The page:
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The Severed Hand in Webster's "Duchess of Malfi"
Albert H. Tricomi
Studies in English Literature, 1500-1900
Vol. 44, No. 2, Tudor and Stuart Drama (Spring, 2004), pp. 347-358
Published by: Rice University
Stable URL: http://www.jstor.org/stable/3844634
Page Count: 12
You can always find the topics here!Topics: Witchcraft, Hands, Wolves, Waxes, Werewolves, Torture, Hunting, Narratives, Fingers, Iconography
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This essay adduces a new source for John Webster's "The Duchess of Malfi"-Henry Boguet's extremely popular Discourse exécrable des sorciers. Boguet's chapter "Of the Metamorphosis of Men into Beasts" provides a strong link to the dead-man's hand episode in The Duchess and to Webster's representation of lycanthropic possession throughout the play. This finding places Webster's tragedy firmly within an intensely felt topical discourse on witchcraft and also reveals the logic behind Ferdinand's mad attempt to sever the marital bond between the Duchess and her husband by presenting her with a severed hand bearing a marriage ring.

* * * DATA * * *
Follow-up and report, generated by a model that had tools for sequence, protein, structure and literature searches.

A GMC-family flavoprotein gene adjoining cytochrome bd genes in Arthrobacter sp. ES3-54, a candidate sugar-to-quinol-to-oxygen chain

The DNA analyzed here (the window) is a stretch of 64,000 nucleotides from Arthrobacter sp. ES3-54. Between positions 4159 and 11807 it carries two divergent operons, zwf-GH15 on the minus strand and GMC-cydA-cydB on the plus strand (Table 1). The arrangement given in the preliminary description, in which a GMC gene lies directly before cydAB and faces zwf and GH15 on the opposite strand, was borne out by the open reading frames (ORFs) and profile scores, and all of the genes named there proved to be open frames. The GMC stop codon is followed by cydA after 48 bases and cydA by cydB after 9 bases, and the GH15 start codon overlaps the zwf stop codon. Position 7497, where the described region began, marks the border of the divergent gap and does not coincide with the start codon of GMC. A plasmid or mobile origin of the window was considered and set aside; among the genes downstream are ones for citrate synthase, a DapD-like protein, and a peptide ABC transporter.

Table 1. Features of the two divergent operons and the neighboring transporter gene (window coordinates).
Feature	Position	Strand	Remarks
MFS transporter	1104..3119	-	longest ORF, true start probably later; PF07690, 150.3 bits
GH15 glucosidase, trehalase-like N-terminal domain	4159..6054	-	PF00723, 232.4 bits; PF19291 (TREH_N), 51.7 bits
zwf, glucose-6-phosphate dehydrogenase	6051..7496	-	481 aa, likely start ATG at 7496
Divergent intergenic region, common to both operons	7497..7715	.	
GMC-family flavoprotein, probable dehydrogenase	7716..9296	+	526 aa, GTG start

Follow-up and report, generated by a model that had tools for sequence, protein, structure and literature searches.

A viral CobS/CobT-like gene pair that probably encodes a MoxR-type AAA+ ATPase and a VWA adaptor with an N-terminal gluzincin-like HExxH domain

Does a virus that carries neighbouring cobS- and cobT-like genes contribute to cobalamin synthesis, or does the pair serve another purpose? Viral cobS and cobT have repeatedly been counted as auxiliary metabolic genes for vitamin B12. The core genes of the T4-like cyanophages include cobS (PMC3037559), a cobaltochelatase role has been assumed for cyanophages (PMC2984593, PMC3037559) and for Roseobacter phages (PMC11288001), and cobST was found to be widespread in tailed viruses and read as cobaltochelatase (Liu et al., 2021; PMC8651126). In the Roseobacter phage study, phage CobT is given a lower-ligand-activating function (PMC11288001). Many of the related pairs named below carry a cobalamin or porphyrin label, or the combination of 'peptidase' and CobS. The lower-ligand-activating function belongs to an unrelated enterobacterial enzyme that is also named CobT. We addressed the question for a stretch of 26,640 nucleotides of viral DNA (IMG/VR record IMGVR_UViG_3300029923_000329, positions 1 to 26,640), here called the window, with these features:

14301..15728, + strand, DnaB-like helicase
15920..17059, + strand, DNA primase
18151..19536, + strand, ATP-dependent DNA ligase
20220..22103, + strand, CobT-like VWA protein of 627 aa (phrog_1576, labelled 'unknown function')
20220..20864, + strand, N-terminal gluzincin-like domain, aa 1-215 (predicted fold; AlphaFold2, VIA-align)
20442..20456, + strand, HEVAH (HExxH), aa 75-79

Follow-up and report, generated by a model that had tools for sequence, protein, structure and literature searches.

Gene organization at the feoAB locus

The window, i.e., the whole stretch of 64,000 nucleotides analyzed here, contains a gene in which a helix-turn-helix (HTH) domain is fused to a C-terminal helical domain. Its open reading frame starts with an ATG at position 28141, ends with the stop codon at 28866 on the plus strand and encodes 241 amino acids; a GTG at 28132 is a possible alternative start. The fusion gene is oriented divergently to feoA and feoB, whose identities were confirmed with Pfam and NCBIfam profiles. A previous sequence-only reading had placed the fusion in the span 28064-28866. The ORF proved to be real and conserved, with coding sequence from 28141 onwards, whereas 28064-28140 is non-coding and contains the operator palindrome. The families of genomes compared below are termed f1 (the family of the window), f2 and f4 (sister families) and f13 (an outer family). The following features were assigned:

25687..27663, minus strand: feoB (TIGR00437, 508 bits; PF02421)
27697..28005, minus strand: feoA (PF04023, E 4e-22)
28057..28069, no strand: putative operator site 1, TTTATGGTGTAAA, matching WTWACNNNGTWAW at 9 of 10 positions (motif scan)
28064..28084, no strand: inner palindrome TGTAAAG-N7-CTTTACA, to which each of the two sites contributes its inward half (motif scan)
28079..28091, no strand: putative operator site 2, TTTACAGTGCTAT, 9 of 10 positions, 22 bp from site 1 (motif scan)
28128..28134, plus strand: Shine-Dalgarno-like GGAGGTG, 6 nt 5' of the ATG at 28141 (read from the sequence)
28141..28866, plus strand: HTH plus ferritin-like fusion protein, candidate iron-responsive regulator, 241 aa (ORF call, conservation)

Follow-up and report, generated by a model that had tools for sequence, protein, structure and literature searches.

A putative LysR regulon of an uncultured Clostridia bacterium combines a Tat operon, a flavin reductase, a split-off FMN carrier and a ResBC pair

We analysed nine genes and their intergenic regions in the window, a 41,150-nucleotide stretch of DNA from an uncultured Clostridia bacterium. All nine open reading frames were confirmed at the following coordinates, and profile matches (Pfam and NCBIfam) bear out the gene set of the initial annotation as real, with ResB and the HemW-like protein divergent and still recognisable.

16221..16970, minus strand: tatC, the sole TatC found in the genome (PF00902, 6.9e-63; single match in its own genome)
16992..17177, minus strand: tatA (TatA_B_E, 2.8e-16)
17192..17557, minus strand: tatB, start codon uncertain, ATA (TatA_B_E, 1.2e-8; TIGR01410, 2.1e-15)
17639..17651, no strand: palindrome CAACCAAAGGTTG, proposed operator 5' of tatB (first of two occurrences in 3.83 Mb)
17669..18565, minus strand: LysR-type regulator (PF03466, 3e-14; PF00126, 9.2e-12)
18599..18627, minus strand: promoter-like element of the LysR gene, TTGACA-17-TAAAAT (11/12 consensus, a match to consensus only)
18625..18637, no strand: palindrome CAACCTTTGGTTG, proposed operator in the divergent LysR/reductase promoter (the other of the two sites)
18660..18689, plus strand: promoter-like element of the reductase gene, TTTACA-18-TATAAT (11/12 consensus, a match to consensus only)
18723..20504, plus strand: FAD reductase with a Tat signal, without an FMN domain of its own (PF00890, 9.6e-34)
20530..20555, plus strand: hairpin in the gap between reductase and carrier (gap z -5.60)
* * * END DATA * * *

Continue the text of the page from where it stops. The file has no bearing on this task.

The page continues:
Studies in English Literature, 1500-1900 © 2004 Rice University